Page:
MR: How does PID cut across disciplines within Cdes at the University of Minnesota? TF: Although a lot of the faculty and student interest in this work initially came from architecture, I think public-interest design is the right term for it because we have faculty, staff, and students in a number of our fields – landscape architecture, graphic design, housing, interior design – passionate about this work. We see this when we work in communities. The interdisciplinary learning that can be so difficult to achieve on campus happens much more naturally and almost effortlessly off campus because the challenges that communities face almost always cross disciplines and require a multi-disciplinary response. I just got back from Istanbul where we had architecture and landscape architecture students and faculty, along with faculty in graphic design, political science, and sociology, among others, looking at a range of challenges there.
MR: Is public interest design impacting how you are looking at the structure and effectiveness of higher education? TF: I think public-interest design points us in a new direction in higher education. The current generation of students seems eager to make a difference in the world and to address problems that are meaningful and important. At the same time, they seem understandably impatient with the academic exercises and made-up problems that have too often characterized design education in the past. Public-interest design enables students – and faculty – to address issues of real value to communities and within the constraints of time and money that can lead to innovative ideas. This work also forces us to set aside our disciplinary biases to the effect that, if I am an architect, the solution must be a building. Instead, when we work with communities with humility and openness and truly listen to what they need, we often discover that what they require may not be at all what we thought. This puts design students and educators in the position of organizing the teams and facilitating the skills needed to address the real problem, rather than, as happened too often in the past, foisting on a community some “design” that had no relationship to what they needed or could afford to maintain.
MR: You brought up a pilot program that focuses on challenge-based learning. Can you elaborate? TF: We are doing a pilot project at the university with funding from the Bush Foundation (Saint Paul, MN) to develop a “challenge curriculum” in which students major in a discipline and minor in a “challenge.” Students will learn how to apply their discipline to a societal challenge in partnership with a range of other disciplines that also have something to bring to the table. Students will also learn, in the process, how to work with colleagues in other fields, how to communicate across disciplinary lines, and how to look holistically at problems that all too often go unresolved because of the myopic and silo-like way in which we tend to look at things. I think this approach aligns well with public-interest design thinking, which has to look at issues creatively, holistically, and resourcefully because of the lack of funds typically available to poor communities.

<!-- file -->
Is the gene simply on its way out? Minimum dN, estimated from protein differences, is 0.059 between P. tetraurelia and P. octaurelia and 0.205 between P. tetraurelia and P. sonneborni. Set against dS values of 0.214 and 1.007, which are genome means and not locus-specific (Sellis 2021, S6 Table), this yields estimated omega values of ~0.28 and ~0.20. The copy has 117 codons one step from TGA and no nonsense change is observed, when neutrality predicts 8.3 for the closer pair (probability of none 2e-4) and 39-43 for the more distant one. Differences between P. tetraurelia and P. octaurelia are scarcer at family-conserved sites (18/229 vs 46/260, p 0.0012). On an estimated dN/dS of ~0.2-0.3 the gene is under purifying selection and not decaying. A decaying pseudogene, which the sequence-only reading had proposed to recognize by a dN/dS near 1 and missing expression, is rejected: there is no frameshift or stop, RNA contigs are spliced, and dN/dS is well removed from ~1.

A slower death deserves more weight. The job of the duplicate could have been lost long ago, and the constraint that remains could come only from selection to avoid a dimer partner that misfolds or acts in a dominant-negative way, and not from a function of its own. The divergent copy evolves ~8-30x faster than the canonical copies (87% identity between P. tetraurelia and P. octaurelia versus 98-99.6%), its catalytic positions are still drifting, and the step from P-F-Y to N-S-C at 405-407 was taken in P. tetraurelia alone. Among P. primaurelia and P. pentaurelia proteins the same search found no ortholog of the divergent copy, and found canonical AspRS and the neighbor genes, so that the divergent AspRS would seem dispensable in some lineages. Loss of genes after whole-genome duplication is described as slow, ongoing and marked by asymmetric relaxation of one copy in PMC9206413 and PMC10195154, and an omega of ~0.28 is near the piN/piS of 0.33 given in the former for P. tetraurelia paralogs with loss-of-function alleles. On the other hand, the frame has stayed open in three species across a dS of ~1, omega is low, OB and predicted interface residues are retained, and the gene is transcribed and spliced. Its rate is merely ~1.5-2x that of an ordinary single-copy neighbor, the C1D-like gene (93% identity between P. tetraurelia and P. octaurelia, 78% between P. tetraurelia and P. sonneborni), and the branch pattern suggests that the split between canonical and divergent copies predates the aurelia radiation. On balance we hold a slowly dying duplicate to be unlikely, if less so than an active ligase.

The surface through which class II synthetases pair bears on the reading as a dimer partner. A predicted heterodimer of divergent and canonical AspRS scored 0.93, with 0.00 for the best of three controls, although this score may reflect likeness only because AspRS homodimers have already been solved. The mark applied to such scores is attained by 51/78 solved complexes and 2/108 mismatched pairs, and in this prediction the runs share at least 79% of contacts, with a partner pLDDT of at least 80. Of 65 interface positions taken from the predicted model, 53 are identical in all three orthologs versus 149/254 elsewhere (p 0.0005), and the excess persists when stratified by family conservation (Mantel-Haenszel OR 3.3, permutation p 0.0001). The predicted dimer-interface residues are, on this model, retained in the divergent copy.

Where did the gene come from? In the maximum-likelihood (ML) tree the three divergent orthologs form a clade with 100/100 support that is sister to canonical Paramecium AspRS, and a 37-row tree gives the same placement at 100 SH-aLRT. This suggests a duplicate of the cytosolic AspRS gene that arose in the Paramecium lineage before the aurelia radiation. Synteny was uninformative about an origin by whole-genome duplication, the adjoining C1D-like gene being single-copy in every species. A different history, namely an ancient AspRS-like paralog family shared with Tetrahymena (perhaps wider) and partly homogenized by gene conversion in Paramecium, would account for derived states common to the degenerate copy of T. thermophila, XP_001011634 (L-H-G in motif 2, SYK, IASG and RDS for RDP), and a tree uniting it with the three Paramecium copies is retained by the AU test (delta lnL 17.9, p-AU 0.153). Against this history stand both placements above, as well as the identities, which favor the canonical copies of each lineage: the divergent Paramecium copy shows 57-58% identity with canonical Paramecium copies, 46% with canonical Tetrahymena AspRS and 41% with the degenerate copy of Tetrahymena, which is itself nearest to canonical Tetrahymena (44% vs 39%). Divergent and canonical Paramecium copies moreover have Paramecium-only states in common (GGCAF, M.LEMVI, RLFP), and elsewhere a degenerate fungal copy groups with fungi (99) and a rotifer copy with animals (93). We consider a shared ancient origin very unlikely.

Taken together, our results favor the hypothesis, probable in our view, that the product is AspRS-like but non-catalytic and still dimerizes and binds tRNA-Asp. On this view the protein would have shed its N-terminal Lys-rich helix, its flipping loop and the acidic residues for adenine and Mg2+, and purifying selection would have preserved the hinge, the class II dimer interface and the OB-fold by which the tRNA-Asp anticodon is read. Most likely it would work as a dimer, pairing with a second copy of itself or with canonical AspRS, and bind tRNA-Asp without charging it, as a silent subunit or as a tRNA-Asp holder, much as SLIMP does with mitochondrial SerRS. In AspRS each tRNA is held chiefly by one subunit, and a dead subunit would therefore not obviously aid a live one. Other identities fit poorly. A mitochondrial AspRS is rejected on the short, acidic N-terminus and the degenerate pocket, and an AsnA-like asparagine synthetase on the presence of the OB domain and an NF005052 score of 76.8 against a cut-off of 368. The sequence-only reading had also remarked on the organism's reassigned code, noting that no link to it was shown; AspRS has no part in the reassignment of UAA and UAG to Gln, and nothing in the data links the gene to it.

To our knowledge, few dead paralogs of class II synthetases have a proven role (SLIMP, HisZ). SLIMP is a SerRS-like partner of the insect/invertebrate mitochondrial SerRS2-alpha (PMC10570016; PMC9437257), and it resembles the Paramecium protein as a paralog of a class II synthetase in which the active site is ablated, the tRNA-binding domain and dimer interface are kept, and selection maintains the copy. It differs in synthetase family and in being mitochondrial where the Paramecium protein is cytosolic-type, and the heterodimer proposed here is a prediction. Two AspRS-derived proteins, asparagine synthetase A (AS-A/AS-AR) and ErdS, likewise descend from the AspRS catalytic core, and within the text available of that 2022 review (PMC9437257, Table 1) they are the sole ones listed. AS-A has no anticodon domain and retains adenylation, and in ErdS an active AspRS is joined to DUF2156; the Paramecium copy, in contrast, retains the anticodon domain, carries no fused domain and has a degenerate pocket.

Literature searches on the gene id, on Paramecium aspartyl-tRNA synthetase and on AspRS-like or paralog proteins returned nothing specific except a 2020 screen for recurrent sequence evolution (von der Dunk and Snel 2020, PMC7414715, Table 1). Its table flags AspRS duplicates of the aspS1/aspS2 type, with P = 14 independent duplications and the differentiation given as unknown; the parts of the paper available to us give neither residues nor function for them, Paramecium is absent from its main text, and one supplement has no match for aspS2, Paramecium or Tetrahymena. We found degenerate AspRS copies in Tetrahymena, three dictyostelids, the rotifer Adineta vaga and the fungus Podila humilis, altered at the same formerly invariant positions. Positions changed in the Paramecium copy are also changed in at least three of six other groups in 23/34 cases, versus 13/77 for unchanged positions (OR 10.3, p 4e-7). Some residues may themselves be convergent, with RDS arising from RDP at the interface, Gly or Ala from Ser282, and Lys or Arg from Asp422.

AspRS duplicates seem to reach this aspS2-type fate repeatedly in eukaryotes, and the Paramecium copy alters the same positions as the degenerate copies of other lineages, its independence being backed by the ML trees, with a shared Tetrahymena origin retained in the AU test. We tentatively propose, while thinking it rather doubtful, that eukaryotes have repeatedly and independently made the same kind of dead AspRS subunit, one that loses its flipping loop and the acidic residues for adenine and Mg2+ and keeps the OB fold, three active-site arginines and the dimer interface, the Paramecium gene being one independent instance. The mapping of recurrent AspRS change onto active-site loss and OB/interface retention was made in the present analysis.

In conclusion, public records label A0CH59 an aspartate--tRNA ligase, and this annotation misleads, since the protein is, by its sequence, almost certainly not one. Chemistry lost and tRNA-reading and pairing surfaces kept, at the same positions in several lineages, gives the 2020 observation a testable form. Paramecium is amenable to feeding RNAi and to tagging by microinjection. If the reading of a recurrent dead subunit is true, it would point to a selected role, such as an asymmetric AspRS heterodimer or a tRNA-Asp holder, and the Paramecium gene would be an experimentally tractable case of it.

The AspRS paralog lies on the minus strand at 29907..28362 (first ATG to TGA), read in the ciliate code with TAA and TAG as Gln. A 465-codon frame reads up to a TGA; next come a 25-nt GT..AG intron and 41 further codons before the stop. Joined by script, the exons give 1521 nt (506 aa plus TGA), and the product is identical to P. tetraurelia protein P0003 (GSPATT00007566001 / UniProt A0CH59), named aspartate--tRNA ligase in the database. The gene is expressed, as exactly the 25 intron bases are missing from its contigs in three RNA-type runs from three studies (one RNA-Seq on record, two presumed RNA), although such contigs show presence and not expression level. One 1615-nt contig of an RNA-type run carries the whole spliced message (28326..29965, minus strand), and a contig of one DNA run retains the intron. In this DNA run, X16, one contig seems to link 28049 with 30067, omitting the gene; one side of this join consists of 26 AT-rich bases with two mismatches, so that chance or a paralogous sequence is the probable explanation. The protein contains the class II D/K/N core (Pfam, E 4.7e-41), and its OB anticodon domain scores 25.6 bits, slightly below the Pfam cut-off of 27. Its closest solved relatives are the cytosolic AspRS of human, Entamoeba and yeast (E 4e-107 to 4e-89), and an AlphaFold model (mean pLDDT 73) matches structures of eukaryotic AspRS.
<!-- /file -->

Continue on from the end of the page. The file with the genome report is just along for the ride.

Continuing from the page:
MR: To date, can you gauge how well the public interest design strategy is working within Cdes? Can you elaborate on successes and challenges? Does this bring increased expense to both the college and the students? TF: The number of students, faculty, and staff involved in Public-Interest Design Week events shows how much this has emerged as a major area of activity in our fields. At Minnesota, student groups such as “Students for Design Activism” have formed and faculty and staff members have begun to develop courses and discuss curriculum. We have also had books, exhibitions, and various publications come from the work we are doing in this area, so public-interest design has successfully launched here. The challenges lie in creating a pipeline for our graduates who want to make this their career. There are still too few internship opportunities and no clear route for those who want to do this work for a living. I do think we can solve this problem – in part because the demand for this work remains enormous – but we still need to figure out the educational requirements, the career path, and the financial support for public-interest designers. Although, as long as we stay focused on the work that the world needs us to do, I do believe that the rest will eventually fall into place.
Mason Riddle is a writer based in Saint Paul. She covers the visual arts, architecture, and design. Her reviews and articles have been published in Architectural Record, Architecture MN, Artforum, Dwell, The Star Tribune, Public Art Review and Rain Taxi, among others. Her article, Game Plan, explored the textile work of, Alighiero Boetti in the Italian conceptual artist’s MoMA retrospective and appeared in the winter 2013 issue of Surface Design. She is former director of The Goldstein Museum of Design and MN Percent for Art in Public Places program.